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Does God Exist? Actually, Yes
IN THIS ARTICLE
Biology Religion
David Sloan Wilson
David Sloan Wilson
is the SUNY Distinguished Professor of Biology and Anthropology at Binghamton University and Arne Næss Chair in Global Justice and the Environment at the University of Oslo

This reflection is based on remarks that were prepared for a debate on the question “Does God Exist” that was held at the University of Massachussets at Amherst on November 9 2016.

Before we address the question “Does God Exist?” we need to define some major terms, starting with Naturalism.

Naturalism: A viewpoint according to which everything arises from natural properties and causes and supernatural explanations are excluded or discounted.

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Naturalism comes in a strong and weak form. Philosophical naturalism is a truth claim that supernatural forces do not exist. Methodological naturalism acknowledges that supernatural forces might exist but stresses that they cannot usefully be studied by the scientific method. Methodological naturalism therefore restricts itself to the study of natural properties and causes as a practical matter.

It is important to dwell a little more on methodological naturalism. Some supernatural explanations are scientifically testable, such as the claim that the earth was created in six days six thousand years ago. That claim was falsified a long time ago, which is why creationism is not taught in schools. The power of prayer provides another example. As early as 1872, Darwin’s cousin Sir Francis Galton was applying statistical methods to test whether prayer has any efficacy on such things as recovery from disease, life span, or newborn stillbirths. Here is a passage from his article titled “Statistical Inquiries into the Efficacy of Prayer

The universal habit of the scientific world to ignore the agency of prayer is a very important fact. To fully appreciate the ‘eloquence of the silence’ of medical men, we must bear in mind the care with which they endeavour to assign a sanatory value to every influence. Had prayers for the sick any notable effect, it is incredible but that the doctors, who are always on the watch for such things, should have observed it, and added their influence to that of the priests towards obtaining them for every sick man. If they abstain from doing so, it is not because their attention has never been awakened to the possible efficacy of prayer, but, on the contrary, that although they have heard it insisted on from childhood upwards, they are unable to detect its influence. Most people have some general belief in the objective efficacy of prayer, but none seem willing to admit its action in those special cases of which they have scientific cognizance.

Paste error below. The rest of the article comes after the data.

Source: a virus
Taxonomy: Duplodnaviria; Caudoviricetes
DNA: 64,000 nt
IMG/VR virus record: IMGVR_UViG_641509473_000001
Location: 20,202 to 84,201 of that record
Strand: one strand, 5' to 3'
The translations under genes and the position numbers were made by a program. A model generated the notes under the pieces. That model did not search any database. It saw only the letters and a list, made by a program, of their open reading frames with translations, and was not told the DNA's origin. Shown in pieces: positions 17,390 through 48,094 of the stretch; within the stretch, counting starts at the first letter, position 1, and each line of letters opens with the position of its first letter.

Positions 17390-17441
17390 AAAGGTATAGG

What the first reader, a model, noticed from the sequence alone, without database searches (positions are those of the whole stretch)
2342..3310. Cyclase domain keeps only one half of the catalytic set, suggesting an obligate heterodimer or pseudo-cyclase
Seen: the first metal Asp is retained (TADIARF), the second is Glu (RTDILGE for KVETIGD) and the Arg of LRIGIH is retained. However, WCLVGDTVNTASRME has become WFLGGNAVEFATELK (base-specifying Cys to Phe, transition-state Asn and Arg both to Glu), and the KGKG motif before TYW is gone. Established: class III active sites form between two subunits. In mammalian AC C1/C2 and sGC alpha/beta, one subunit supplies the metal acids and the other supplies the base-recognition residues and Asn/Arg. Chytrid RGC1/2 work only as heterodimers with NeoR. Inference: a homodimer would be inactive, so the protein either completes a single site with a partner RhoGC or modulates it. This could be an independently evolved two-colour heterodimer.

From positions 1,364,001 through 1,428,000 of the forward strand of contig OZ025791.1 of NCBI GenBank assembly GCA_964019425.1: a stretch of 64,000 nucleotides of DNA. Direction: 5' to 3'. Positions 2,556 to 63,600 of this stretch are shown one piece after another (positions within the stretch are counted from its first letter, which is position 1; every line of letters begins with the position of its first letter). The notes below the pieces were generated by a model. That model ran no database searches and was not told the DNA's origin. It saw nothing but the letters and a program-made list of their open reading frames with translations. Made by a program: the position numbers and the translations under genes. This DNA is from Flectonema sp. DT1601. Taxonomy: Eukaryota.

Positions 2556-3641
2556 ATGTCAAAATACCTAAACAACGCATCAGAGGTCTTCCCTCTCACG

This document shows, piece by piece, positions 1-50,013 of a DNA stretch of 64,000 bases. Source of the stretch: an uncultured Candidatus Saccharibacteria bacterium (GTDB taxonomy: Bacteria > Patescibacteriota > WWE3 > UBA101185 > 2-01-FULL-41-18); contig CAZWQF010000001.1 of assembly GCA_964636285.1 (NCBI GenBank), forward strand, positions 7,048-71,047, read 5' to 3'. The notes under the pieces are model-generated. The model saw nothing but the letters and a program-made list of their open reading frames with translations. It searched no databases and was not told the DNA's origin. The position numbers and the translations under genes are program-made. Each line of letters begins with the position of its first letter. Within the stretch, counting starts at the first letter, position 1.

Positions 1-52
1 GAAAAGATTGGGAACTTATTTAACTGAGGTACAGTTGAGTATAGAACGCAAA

Thus, it is not capricious for methodological naturalists to restrict themselves to natural properties and causes. It is based on a long history of supernatural explanations that have been scientifically tested and rejected.

Here is another type of explanation that methodological naturalists avoid: that a God is responsible for creating all of the natural properties and causes and did not thereafter intervene. There is no way to test this claim because the “God” hypothesis does not identify any observable phenomena that are different from the “No God” hypothesis. Moreover, if you take this particular “God” hypothesis seriously, it is no different from godless atheism in the ethical conclusions that follow from it. It does not provide a basis for a religion, in addition to being scientifically untestable.

Against this background, I will make my first major claim about the existence of God. If a given conception of God lies outside the boundary of methodological naturalism, then that God probably doesn’t exist. This is a fairly strong claim, since it excludes the most common conceptions of God in all of the Abrahamic religions. Nevertheless, it leaves open the possibility that God does exist, when defined in a way that falls within the boundary of methodological naturalism.

One such conception is Gaia, or the earth as a self-regulating superorganism, which was proposed by the climate scientist James Lovelock. This is a purely scientific hypothesis, which Lovelock chose to name after the primal Mother Earth Goddess of Greek mythology. If it turned out to be true, would the whole earth qualify as a Goddess commanding our worship? To find out, we need to define two more key words:

God (or Goddess): A superhuman being worshiped as having power over nature or human fortunes.

Worship: An act of devotion, usually directed toward a deity. The word “worship” is derived from the Old English weorþscipe, meaning honor shown to an object, which has been etymologised as “worthiness or worth-ship”—to give, at its simplest, worth to something.

Based on these standard definitions, there is a glimmer of hope that the earth as a superorganism would qualify as a Goddess while remaining within the boundary of methodological naturalism. If an organism is a being, then so is a superorganism and the whole earth is certainly superhuman. If worshiping something means acknowledging its worth and honoring it by working on its behalf, then the earth as a superorganism certainly deserves our worship. In addition, numerous religions, especially the religions of indigenous peoples, come close to this conception of a God or Goddess.

Unfortunately, there is little scientific evidence that the whole earth qualifies as a superorganism. Organisms evolve by a process of natural or artificial selection among organisms. A process of between-planet selection would be required for the whole earth to become a superorganism, which seems far-fetched.